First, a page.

Here's what Ashdown say about the Studio One Compressor
As a hardworking bass player – and at the detriment of your reputation – the demand for a perfect recording session is paramount.
By nature, studio compressors are widely used for levelling the audio signal, limiting to prevent unwanted distortion and for dynamic range preservation. Generally, a good studio compressor, if used correctly, should really only be noticeable to the player and imperceptible to those listening to the performance.
Designed with the studio bass player in mind, the Ashdown Studio Compressor tames the dynamic range of your signal so that there is less inconsistency between the loudest notes and the quietest notes and also providing a way for you to control the manner in which it does this.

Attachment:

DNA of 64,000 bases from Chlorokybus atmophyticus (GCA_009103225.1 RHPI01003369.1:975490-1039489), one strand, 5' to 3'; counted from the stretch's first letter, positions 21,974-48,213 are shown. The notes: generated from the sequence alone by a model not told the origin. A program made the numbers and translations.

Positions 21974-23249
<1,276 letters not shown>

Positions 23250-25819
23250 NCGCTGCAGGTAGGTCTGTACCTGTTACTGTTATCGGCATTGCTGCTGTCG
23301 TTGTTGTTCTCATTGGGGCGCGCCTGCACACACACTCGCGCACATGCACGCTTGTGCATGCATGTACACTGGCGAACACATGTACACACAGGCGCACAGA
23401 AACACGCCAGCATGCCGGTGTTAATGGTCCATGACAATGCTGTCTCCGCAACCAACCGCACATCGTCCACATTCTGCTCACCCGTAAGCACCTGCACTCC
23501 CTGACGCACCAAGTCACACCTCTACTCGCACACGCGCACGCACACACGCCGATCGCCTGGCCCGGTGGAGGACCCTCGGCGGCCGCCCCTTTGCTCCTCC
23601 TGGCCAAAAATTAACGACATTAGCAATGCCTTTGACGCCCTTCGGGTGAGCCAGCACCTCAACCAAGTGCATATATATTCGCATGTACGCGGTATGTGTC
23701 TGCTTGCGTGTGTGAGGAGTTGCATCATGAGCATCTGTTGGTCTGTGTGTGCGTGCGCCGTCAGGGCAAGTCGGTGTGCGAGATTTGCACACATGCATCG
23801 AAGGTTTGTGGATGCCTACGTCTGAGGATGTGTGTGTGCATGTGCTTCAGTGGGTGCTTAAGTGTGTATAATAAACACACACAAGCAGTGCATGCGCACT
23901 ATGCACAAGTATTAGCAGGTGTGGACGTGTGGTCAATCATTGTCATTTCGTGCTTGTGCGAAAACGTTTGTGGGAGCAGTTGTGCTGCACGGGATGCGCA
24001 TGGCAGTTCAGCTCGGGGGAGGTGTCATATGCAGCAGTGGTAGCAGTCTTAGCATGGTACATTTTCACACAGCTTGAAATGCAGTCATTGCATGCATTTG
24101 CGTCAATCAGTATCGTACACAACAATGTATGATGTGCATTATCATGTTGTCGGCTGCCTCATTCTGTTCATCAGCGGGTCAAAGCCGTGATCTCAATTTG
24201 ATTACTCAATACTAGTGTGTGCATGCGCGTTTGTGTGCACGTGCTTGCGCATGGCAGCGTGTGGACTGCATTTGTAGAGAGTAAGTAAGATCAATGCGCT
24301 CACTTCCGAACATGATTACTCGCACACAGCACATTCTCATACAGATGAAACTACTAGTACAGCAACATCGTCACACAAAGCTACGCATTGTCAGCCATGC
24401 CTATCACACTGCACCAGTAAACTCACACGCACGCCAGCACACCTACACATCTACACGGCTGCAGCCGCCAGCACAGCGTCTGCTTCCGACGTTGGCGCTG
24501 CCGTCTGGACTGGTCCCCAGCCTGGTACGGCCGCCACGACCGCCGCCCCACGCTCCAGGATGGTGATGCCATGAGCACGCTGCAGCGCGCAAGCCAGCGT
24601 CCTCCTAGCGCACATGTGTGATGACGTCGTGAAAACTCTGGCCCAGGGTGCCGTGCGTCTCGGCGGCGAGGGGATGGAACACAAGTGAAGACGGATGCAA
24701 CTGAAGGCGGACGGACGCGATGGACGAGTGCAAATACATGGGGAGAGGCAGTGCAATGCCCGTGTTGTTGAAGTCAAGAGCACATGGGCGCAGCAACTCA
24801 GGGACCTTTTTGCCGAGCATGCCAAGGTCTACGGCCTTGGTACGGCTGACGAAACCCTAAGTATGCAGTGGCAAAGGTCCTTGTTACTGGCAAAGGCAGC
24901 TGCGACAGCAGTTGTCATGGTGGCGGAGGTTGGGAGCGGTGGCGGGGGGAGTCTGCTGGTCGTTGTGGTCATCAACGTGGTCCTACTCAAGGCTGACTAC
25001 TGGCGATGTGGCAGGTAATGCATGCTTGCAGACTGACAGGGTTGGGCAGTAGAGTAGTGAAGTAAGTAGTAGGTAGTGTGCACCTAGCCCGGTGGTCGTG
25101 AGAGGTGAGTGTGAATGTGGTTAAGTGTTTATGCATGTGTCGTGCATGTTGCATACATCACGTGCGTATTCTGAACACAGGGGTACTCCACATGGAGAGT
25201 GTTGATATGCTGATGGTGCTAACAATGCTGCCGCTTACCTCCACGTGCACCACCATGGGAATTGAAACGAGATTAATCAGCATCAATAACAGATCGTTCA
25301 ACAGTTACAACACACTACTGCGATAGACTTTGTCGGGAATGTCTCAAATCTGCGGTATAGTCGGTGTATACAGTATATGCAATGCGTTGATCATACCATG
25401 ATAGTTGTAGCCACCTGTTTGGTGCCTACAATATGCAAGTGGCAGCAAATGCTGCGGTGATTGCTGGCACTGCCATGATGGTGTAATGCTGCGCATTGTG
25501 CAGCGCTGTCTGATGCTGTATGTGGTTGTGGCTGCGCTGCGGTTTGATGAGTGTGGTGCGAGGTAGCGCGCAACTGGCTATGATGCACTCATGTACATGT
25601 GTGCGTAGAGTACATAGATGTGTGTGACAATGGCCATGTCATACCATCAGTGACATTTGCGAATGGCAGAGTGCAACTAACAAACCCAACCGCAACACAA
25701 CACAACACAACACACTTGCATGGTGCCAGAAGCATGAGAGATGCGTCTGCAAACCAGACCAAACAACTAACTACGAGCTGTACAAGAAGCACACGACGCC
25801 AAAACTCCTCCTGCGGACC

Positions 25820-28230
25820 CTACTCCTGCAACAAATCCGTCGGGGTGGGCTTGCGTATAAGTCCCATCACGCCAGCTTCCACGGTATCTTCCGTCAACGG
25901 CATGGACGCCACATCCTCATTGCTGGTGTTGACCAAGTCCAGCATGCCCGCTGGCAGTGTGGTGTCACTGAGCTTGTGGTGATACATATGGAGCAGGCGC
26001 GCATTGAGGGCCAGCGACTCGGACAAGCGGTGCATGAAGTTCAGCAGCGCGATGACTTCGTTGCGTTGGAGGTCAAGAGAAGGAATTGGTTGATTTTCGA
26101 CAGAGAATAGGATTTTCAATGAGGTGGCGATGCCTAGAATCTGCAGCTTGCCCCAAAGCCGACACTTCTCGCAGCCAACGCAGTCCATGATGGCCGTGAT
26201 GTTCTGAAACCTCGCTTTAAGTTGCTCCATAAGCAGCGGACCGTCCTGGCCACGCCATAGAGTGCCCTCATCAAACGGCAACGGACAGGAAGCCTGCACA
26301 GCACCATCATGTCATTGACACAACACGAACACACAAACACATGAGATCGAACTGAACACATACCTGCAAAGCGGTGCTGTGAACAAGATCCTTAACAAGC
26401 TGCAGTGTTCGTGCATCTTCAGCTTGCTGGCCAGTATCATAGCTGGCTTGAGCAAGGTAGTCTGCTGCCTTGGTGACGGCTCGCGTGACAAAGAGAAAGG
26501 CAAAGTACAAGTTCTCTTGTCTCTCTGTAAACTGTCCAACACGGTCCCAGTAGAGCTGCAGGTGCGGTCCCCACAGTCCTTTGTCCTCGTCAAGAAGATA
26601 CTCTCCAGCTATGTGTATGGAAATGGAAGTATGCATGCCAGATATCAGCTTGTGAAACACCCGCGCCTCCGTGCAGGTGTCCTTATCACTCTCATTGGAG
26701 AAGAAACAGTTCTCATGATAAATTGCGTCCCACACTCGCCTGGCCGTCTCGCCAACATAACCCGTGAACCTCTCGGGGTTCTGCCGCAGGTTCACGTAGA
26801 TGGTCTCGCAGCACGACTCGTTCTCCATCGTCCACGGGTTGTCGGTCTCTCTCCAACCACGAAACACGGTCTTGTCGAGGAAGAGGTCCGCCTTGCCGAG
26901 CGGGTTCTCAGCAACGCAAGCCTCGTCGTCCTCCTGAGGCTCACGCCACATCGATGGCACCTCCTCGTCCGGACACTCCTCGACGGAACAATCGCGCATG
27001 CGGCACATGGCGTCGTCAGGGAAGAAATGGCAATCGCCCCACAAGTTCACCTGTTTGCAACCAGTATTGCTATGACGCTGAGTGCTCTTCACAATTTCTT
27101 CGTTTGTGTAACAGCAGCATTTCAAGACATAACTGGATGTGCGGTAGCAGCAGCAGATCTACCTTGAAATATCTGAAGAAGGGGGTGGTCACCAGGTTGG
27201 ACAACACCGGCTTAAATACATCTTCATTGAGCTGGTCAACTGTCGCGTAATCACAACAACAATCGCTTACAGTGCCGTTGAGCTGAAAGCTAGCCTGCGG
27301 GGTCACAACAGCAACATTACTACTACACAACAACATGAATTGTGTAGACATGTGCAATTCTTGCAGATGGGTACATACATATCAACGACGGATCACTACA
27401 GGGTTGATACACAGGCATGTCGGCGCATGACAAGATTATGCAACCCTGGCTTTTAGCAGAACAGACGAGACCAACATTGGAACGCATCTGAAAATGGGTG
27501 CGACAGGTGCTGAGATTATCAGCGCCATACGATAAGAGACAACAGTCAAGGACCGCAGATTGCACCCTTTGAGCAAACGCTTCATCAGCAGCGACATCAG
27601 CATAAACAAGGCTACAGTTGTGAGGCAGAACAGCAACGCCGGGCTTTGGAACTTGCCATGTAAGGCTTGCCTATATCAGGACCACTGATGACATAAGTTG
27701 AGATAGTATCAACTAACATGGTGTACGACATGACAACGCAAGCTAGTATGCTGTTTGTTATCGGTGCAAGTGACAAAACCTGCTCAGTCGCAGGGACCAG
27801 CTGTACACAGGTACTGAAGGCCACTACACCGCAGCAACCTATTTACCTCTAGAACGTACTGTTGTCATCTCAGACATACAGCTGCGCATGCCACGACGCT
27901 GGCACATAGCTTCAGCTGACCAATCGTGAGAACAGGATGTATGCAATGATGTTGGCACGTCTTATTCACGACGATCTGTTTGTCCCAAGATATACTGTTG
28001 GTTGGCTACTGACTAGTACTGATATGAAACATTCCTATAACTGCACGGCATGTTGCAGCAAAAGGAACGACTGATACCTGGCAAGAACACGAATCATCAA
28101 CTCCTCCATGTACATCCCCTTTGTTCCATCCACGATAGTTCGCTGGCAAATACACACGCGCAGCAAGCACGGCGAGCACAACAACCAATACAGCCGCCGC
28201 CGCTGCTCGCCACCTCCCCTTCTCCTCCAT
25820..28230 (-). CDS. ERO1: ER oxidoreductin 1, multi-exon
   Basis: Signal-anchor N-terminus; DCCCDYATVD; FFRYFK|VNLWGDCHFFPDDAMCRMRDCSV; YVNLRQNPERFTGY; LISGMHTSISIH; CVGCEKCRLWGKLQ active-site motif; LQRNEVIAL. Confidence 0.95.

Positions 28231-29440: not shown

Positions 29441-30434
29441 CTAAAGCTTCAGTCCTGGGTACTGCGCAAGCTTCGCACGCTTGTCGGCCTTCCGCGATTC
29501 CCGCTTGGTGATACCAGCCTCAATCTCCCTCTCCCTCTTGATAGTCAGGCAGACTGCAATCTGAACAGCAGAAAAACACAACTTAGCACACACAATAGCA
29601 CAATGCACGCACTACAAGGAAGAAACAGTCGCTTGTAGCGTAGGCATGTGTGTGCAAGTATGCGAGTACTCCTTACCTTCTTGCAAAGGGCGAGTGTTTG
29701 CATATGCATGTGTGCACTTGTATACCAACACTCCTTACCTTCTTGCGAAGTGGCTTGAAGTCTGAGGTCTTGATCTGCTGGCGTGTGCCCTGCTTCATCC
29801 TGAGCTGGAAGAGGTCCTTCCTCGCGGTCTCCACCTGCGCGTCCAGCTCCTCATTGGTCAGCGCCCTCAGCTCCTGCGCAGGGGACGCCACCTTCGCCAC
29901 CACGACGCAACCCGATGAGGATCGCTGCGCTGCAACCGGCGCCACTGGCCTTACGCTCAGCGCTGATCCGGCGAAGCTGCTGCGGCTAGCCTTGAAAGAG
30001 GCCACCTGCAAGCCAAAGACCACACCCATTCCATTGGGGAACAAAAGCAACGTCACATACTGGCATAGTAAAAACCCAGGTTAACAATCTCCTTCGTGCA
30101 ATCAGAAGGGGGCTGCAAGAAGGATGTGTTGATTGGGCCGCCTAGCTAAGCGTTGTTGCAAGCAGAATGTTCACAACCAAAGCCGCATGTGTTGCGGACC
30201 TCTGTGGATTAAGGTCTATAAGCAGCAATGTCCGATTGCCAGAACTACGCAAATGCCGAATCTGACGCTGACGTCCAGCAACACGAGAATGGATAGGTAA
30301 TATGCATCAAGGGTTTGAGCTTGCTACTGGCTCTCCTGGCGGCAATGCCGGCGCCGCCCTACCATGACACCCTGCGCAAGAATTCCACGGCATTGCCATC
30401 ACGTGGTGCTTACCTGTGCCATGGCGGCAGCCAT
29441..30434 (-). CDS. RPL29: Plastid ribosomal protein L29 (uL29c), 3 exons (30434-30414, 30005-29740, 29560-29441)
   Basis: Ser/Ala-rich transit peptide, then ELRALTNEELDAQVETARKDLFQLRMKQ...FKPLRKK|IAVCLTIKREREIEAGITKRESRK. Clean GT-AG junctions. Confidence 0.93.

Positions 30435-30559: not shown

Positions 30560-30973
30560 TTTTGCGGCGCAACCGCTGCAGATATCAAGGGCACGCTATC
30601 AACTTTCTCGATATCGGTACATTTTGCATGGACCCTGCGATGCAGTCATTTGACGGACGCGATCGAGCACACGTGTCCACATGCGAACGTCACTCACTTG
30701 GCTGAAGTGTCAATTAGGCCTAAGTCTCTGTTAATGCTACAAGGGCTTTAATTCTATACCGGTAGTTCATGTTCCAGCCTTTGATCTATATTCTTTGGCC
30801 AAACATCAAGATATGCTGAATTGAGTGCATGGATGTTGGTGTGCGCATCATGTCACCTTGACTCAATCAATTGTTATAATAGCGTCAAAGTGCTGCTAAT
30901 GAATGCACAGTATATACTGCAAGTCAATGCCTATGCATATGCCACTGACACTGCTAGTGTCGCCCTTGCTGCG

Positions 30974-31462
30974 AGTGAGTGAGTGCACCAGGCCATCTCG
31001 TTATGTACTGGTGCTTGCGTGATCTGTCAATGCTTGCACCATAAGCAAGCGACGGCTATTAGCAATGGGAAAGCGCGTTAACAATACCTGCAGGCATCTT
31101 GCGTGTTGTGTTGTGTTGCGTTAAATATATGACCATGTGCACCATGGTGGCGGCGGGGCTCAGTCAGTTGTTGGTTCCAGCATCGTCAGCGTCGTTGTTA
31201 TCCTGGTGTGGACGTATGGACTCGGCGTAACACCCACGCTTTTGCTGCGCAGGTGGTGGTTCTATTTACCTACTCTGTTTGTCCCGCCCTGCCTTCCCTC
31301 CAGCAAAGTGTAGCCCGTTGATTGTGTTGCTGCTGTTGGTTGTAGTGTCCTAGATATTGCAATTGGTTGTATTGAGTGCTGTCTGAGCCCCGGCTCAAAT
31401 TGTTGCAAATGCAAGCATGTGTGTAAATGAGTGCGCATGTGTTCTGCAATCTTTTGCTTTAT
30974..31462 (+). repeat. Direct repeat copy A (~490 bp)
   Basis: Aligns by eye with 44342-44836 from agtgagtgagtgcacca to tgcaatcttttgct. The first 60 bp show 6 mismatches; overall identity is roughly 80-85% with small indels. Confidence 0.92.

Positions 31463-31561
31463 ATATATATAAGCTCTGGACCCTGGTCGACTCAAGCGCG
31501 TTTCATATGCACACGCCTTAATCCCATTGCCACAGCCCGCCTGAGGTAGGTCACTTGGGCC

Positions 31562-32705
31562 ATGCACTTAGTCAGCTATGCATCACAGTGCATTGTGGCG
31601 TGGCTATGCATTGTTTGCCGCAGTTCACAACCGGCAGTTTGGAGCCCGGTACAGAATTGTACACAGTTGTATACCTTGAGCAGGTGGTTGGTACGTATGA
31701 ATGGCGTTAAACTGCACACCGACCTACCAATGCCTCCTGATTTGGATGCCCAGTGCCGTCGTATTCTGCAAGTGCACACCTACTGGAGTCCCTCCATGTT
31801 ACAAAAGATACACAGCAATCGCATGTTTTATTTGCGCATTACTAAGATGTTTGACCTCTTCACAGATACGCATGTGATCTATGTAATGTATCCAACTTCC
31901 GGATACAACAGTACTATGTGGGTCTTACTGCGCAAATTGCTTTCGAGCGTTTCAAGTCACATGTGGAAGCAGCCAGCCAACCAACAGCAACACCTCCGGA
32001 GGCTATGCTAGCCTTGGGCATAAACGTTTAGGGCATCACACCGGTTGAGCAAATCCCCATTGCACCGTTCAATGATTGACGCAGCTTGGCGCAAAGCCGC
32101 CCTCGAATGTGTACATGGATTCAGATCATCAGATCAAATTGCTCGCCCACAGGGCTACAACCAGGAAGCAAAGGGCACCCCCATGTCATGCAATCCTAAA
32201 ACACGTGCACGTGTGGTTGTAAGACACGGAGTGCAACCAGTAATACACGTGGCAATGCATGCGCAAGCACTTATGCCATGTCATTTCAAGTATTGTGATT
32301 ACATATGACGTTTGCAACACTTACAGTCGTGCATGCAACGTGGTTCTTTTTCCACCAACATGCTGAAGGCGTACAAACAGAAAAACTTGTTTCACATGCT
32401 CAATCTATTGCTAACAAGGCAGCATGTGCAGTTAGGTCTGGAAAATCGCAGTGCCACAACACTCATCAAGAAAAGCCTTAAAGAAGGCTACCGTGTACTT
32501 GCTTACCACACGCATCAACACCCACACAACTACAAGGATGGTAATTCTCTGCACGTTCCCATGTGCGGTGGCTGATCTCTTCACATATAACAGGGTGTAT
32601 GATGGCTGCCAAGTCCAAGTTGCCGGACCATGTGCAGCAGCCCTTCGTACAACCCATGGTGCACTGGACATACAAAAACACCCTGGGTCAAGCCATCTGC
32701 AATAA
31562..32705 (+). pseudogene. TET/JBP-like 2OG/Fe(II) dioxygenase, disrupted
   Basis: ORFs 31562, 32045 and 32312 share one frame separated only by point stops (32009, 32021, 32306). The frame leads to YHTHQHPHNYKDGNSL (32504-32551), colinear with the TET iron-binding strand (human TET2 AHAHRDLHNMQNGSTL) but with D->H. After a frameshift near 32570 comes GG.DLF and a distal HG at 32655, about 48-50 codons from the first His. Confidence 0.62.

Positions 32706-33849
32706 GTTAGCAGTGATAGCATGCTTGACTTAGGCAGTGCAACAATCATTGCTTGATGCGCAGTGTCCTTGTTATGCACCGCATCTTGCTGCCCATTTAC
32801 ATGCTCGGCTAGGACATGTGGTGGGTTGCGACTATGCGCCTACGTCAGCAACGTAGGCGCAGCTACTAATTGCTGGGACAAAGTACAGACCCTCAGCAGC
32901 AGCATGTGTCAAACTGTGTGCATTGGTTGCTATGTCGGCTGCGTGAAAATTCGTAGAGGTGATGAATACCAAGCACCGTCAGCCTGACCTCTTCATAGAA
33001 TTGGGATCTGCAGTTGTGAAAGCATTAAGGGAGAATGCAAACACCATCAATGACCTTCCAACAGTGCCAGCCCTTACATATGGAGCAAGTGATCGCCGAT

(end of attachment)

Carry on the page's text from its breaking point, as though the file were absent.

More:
The Studio Compressor has controls for “Threshold”, which sets the level at which the unit starts to limit the signal, “Ratio” which sets the amount of compression and an overall “Gain” control which allows the signal level to adjusted.
A low threshold ratio vs a high threshold ratio means how much (or little) the signal will get compressed. Typically, a low threshold compression comes in earlier, capturing the signal and wrapping it sooner before putting it to the amplifier. High threshold compression comes in later - enabling more of the signal from the path to be put out to your amplifier before being compressed.